Museums are a useful example for understanding O’Brien’s underlying finding about why the familiar may be more satisfying than people expect. Perhaps it’s the case, O’Brien notes in the study, that some underrated satisfaction comes from already knowing a place well—maybe the museum’s collection felt overwhelming on the first visit, but manageable on the second. Or perhaps one might happen upon corners of the museum that went overlooked in the first pass. O’Brien found stronger support for this second idea: People can underrate the novelty lurking within things they thought they’d already experienced fully.
In another experiment, O’Brien’s team had research subjects watch a movie on Netflix that they hadn’t seen before and thought they’d enjoy. Then, on the following night, the researchers had some of them watch the same movie again. The group that didn’t watch it a second night in a row rated the enjoyment they would have had rewatching it at an average of roughly 3.5 on a seven-point scale, which was lower than the 5.3 they gave to watching the movie the first time. But the group that did watch the movie a second time gave the experience a 4.5 on average.
These discrepancies illustrate O’Brien’s finding well. It’s not that watching a movie for the second time in 24 hours is just as enjoyable as the first time—it probably won’t be. But it does seem likely to be more pleasant than one would predict.
In general, psychological and behavioral-economics research has found that when people make decisions about what they think they’ll enjoy, they often assign priority to unfamiliar experiences—such as a new book or movie, or traveling somewhere they’ve never been before. They are not wrong to do so: People generally enjoy things less the more accustomed to them they become. As O’Brien writes, “People may choose novelty not because they expect exceptionally positive reactions to the new option, but because they expect exceptionally dull reactions to the old option.” And sometimes, that expected dullness might be exaggerated.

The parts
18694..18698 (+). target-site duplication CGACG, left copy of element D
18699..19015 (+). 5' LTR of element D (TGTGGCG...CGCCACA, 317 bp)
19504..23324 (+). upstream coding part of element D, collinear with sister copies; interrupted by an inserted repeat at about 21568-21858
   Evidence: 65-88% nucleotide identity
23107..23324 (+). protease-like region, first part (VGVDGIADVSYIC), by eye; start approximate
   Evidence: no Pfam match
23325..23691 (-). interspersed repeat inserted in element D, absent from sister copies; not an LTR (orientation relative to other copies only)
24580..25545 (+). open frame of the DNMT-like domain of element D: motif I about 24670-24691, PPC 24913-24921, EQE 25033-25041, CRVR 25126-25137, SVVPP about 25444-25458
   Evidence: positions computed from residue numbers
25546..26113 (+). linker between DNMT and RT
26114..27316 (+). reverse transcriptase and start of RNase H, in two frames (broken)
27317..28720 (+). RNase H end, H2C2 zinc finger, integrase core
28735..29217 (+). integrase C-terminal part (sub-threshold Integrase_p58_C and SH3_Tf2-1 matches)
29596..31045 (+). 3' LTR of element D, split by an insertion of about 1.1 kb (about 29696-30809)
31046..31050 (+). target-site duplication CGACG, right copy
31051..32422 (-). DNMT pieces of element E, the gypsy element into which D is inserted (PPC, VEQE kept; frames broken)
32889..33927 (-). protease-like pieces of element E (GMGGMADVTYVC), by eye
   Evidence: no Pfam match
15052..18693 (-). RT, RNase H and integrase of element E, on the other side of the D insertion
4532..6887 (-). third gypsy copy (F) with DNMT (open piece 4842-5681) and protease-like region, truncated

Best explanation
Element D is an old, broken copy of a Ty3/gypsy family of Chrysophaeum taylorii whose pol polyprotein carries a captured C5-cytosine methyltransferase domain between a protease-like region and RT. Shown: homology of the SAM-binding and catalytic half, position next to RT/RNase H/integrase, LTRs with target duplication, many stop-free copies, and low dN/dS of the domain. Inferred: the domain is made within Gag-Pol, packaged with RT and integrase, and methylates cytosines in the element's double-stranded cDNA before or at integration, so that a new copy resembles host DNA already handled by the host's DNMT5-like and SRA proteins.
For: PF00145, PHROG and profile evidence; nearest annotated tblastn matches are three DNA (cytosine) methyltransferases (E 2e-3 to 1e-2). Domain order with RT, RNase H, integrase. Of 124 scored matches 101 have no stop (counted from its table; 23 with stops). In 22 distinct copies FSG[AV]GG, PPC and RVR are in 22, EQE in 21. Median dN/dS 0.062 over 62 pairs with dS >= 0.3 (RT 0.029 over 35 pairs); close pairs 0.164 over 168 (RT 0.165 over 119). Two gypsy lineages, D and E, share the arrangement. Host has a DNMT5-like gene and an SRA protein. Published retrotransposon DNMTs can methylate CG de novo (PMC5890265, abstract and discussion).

Knowing that expectations can sometimes deviate from reality in this way could help inform the decisions people make about how they spend their leisure time. “I think the biggest application of the finding is for people to spend more time considering why they prefer a novel option over a repeat option,” O’Brien wrote to me in an email. Doing so could save them time and might make them just as happy. “Before getting caught in a one-hour Google rabbit hole for ‘best tacos near me,’ it might help to consider the possible value of simply returning to the great taco place from yesterday (and trying new things [on the menu]),” he added.
O’Brien told me that doing this research has changed how he’s approached some everyday decisions. “If my goal is to relax for a bit,” he wrote, “I'm more [likely] to consider spending that time jumping right in to something I know I already love, rather than waste half that window of time searching for something new (which might turn out [to be] just okay anyway).”